Today is the third anniversary of the Rana Plaza collapse—the deadliest garment-factory accident in history, where over a thousand were killed.
It’s easy to forget—willfully or otherwise—about such a horrific occurrence. It’s easy to say “never again.” It’s easy to feel powerless in the face of an overwhelming industry. I find it is less easy to write about fashion. Talking about fashion and the issues within the industry feels much like talking about food: it’s deeply personal and the effects are far-reaching, yet we can’t see how our individual choices contribute—for good or for ill.
The clothes we buy and wear—the things we choose to cover our skin—are intimately related to our identities—how we define ourselves and how we wish others to define us. Taking a stance means running the risk of offending someone’s chosen identities, and exposing oneself as a hypocrite.
It’s not easy to admit: I am a hypocrite.
It’s also not easy to know where to begin.
The collapse of Rana Plaza was foreshadowed by cracks in the building. Other tenants moved out, but the owners of the garment factory insisted that workers return the next day, that fateful day.
So what if we started with exposing the cracks? Maybe, three years out, we can learn to see that the foundation of the industry itself is fractured, and we must flee before it comes crashing down on us. Yet it’s so hard to see the cracks in the window displays at Nordstrom—so expertly painted so often—and it’s so hard to see the cracks in the soles of the shoes switched out every season.
The True Cost, a feature-length documentary released last year, exposes those cracks—carefully and cogently. The film interviews garment factory workers about their living conditions, leading activists regarding the environmental and ecological consequences of fast fashion, and independent designers aiming to redefine the industry. It is a must-see for anyone who wears clothes—which is to say, for everyone.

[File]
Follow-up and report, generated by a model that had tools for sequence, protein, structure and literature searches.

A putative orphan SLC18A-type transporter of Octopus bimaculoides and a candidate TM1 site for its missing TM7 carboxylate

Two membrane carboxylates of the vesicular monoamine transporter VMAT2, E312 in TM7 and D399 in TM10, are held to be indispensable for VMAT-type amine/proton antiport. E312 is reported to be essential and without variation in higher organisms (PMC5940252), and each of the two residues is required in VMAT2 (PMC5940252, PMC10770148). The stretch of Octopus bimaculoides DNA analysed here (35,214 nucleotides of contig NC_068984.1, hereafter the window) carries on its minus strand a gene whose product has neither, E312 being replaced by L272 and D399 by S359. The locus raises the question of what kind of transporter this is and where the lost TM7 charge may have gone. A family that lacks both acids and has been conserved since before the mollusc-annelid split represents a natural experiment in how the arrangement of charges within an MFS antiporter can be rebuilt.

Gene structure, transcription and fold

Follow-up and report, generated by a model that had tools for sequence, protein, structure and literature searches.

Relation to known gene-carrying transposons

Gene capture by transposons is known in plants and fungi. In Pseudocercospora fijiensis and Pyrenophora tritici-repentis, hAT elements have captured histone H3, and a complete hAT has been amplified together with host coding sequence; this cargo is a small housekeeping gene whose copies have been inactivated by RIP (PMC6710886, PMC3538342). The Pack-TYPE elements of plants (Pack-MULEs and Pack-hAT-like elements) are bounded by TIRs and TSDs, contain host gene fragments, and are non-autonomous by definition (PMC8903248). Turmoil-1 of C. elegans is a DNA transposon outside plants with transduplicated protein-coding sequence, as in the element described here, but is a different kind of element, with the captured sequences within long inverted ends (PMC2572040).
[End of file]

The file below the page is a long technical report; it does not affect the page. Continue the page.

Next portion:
Since watching it, I felt the impetus for this space—to explore these topics as they relate to my day-to-day. Clearly, I’ve barely started—as the industry feels too huge and I feel too small and powerless to change it. Luckily, I’m not alone: the individuals behind The True Cost did not cease their work when the film was released, movements such as Fashion Revolution are on the rise, designers like Elizabeth Suzann and Vetta Capsule are pushing back, and bloggers like Un-fancy are taking up the cause.
But it’s more than that—it’s more than a cause. These are lives we’re talking about here. A thousand people in Bangladesh three years ago, countless more living below poverty lines across the globe, and countless more suffering in the cycle of seemingly endless consumerism. It has to stop, it has to change, and we have to start where we are, however imperfect or messy.